In March 2017, the Muslim American Cultural Center, a new mosque, opened on the street.[15]

In May 2019, media coverage suggested African-American property owners were being pressured into selling their buildings to developers, who reported them for coding violations if they refused to sell.[16][17]


  1. ^ I'll take you there : Nashville stories of place, power, and the struggle for social justice. Amie Thurber, Learotha, Jr. Williams. Nashville. 2021. ISBN 978-0-8265-0153-0. OCLC 1230249956.{{cite book}}: CS1 maint: location missing publisher (link) CS1 maint: others (link)
  2. ^ McKenna, Brittney (December 8, 2016). "Lorenzo Washington on Preserving Nashville's Blues and R&B Epicenter". Retrieved March 31, 2021.
  3. ^ Thurber, Amie; Williams, Learotha, eds. (2021). I'll take you there: Nashville stories of place, power, and the struggle for social justice. Nashville: Vanderbilt University Press. ISBN 978-0-8265-0153-0.
  4. ^ a b c Mitchell, Reavis L. Jr. (1999). "Jefferson Street" (PDF). Leaders of Afro-American Nashville. Tennessee State University. Retrieved May 6, 2018.
  5. ^ a b c d e f Deville, Nancy (June 24, 2004). "Footpath became heart of city's black middle class. From the '40s to '60s, Jefferson Street was among the best-known music districts in the nation". The Tennessean. pp. 1, 11. Retrieved May 6, 2018 – via
  6. ^ a b c Jordan, Karen; North, Amber (June 24, 2004). "A closer look at Higher learning near Jefferson Street". The Tennessean. p. 9. Retrieved May 6, 2018 – via
  7. ^ Moore, Rick (June 24, 2004). "Three Jefferson Street churches have been serving worshippers since the 1800s". The Tennessean. pp. 8–9. Retrieved May 6, 2018 – via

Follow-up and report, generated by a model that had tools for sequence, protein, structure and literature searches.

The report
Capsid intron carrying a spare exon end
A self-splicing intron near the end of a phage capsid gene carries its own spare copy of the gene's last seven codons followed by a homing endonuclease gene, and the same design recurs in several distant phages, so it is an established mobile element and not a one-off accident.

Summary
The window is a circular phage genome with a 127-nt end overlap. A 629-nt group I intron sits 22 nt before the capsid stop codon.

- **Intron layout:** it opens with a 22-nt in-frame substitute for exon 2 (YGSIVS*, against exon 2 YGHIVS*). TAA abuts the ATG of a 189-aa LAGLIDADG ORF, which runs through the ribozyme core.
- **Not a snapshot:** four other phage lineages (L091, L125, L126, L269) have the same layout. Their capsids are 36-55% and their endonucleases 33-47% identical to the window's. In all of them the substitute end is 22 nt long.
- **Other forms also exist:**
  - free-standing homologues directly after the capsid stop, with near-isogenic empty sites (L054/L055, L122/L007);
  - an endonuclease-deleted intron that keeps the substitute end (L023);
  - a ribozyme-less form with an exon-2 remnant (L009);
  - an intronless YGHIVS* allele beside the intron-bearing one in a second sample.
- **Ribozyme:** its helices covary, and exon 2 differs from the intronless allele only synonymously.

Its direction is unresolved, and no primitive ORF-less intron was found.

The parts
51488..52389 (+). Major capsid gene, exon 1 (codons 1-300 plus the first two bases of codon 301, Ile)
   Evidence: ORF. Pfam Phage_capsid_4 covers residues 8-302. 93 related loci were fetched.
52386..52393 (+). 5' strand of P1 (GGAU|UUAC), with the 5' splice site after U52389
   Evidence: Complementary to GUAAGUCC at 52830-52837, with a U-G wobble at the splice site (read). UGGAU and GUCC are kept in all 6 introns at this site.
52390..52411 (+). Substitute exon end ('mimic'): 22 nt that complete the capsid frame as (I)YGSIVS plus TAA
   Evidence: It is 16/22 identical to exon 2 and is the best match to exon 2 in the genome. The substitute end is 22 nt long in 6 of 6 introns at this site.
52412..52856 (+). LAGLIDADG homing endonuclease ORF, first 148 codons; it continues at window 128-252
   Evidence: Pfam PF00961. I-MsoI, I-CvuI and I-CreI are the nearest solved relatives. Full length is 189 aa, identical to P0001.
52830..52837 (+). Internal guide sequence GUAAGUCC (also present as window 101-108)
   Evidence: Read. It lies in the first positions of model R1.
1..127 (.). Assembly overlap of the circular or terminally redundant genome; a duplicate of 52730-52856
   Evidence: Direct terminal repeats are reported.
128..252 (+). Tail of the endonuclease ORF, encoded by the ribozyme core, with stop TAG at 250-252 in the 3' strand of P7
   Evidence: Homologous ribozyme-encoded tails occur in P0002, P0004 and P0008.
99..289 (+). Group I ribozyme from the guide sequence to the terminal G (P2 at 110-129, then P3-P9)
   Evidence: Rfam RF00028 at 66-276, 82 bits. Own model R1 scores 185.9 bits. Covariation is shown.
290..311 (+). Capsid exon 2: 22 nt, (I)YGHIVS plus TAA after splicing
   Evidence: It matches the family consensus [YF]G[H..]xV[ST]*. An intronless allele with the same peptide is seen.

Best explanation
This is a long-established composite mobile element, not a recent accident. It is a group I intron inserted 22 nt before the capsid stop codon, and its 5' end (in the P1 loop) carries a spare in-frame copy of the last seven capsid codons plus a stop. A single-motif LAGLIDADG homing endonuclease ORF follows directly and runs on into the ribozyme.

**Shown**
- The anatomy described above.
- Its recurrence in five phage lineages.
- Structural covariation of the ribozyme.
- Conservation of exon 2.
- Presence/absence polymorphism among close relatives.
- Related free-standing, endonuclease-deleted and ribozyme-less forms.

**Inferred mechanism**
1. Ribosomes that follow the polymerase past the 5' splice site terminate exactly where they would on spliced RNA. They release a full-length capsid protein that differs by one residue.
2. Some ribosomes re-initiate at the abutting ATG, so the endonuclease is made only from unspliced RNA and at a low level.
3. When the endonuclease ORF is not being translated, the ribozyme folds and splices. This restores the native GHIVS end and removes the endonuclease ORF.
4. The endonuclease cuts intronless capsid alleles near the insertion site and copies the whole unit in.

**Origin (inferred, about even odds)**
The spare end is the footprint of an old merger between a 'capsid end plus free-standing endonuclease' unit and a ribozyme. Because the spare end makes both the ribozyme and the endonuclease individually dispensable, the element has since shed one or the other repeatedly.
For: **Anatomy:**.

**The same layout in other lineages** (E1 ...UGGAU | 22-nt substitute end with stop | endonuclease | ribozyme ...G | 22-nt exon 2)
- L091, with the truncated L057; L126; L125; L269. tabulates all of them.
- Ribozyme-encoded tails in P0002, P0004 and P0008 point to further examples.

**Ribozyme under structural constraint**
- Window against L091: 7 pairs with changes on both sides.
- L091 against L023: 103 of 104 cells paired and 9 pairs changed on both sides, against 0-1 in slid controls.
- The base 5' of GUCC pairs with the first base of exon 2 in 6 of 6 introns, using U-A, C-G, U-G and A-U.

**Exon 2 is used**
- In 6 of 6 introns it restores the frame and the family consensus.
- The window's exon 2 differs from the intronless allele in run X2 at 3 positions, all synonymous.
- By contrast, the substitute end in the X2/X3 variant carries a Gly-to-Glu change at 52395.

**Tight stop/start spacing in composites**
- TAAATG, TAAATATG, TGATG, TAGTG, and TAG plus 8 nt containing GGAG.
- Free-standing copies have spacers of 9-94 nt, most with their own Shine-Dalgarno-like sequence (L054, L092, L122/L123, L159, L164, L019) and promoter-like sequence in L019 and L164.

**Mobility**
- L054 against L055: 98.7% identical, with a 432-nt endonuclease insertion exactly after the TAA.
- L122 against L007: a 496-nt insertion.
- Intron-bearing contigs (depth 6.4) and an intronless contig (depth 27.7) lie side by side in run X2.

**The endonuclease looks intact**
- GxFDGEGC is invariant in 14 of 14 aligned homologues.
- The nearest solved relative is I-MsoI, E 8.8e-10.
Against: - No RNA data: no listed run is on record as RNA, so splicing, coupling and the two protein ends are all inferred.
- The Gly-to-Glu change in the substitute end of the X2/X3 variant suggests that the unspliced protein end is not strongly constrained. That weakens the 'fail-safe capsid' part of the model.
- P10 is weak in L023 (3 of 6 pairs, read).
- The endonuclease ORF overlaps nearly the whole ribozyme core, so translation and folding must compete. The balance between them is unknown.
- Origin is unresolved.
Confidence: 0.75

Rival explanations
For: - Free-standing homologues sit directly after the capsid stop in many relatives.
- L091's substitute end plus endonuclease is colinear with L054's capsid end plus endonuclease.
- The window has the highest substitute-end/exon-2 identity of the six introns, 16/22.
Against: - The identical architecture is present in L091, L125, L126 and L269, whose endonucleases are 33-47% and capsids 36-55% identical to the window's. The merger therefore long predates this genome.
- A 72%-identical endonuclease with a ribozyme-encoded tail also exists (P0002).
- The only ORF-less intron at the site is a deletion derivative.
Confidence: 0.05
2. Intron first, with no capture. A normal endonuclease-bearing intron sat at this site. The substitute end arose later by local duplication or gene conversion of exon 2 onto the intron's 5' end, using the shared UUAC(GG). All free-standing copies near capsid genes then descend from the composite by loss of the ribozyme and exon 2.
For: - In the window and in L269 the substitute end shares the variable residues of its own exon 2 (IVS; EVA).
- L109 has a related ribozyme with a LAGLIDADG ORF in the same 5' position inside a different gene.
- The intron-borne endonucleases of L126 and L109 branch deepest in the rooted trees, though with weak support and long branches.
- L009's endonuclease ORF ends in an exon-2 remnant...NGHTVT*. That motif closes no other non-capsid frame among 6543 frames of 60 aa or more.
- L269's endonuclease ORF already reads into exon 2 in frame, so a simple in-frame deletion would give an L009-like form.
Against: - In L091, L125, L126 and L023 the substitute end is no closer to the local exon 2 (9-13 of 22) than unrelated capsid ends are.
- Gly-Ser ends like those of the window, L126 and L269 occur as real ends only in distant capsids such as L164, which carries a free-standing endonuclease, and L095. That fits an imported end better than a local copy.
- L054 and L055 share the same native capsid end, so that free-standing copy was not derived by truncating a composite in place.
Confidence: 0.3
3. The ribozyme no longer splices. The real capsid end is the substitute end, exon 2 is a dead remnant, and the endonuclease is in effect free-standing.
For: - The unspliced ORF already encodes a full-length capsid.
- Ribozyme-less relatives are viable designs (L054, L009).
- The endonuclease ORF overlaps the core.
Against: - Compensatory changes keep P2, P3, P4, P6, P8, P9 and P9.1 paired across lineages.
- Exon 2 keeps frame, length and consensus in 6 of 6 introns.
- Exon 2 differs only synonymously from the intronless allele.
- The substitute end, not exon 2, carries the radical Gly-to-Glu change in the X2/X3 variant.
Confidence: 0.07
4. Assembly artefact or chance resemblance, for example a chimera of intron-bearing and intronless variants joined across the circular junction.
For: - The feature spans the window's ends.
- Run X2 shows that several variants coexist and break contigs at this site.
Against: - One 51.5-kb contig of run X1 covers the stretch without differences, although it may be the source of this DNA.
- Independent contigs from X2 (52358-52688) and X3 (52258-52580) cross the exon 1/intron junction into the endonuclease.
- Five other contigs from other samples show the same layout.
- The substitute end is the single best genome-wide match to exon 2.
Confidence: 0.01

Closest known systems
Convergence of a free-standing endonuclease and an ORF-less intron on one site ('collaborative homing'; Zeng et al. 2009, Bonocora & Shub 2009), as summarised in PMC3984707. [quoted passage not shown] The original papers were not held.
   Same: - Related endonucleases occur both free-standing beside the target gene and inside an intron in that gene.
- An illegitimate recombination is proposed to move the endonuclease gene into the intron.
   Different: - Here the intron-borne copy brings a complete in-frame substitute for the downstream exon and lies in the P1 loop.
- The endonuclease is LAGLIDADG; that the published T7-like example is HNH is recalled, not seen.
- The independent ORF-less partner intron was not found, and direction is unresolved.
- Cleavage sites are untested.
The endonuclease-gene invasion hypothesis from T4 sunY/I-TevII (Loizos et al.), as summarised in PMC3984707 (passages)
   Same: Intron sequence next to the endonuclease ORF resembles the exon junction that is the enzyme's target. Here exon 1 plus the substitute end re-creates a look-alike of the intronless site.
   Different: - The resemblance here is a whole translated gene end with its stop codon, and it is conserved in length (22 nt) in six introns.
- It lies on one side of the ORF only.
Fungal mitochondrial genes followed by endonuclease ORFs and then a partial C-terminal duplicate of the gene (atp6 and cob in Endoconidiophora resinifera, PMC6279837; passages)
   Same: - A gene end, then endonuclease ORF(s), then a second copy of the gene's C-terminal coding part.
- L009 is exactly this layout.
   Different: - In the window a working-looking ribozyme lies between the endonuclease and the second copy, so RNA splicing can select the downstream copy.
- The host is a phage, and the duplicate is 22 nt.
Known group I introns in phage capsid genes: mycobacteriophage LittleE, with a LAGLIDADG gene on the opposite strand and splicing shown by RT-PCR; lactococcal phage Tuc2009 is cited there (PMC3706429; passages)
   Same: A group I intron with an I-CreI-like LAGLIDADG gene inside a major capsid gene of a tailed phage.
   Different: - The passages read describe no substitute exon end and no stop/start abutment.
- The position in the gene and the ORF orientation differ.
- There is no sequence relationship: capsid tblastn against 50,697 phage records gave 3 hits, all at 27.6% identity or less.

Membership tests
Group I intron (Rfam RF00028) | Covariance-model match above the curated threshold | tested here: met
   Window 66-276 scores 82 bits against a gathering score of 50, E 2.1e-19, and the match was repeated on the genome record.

8. ^ Cooper, Daniel (December 12, 1996). "Scuffling: The Lost History of Nashville Rhythm & Blues". Nashville Scene. Retrieved May 6, 2018.
  9. ^ Paulson, Dave (November 13, 2017). "Nashville rock music was cemented on Jefferson Street and Elliston Place". The Tennessean. Retrieved May 6, 2018.
  10. ^ Hill, Lebron (February 8, 2018). "Jefferson Street Comes to Centennial Performing Arts Studio on Saturday". Nashville Scene. Retrieved May 6, 2018.
  11. ^ McKenna, Brittney (December 8, 2016). "Lorenzo Washington on Preserving Nashville's Blues and R&B Epicenter". Nashville Scene. Retrieved May 6, 2018.
  12. ^ a b Mielczarek, Natalia (June 24, 2004). "Jefferson Street was 'mecca' for sit-in movement". The Tennessean. pp. 8–9. Retrieved May 6, 2018 – via
  13. ^ a b c d Follett, Matt; Watson, Brady (December 18, 2017). "Reviving Nashville's Jefferson Street R&B Scene in Museums Small and Large". WMOT. Retrieved May 6, 2018.
  14. ^ Soltes, Fiona (June 24, 2004). "A multigenerational commitment to a community. Entrepreneurs, educators carry on family's dreams in effort to revitalize Jefferson Street". The Tennessean. p. 7. Retrieved May 6, 2018 – via
  15. ^ Reicher, Mike (March 25, 2017). "Nashville's newest mosque opens on historic Jefferson Street". The Tennessean. Retrieved May 9, 2018.
  16. ^ Horan, Kyle (May 30, 2019). "Jefferson Street gentrification exposes racial fault lines". News Channel 5. Retrieved June 2, 2019.
  17. ^ Judge, Monique (May 31, 2019). "Greedy Developers Try to Bully 94-Year-Old Black Woman Out of Her Property in Nashville". The Root. Retrieved June 2, 2019.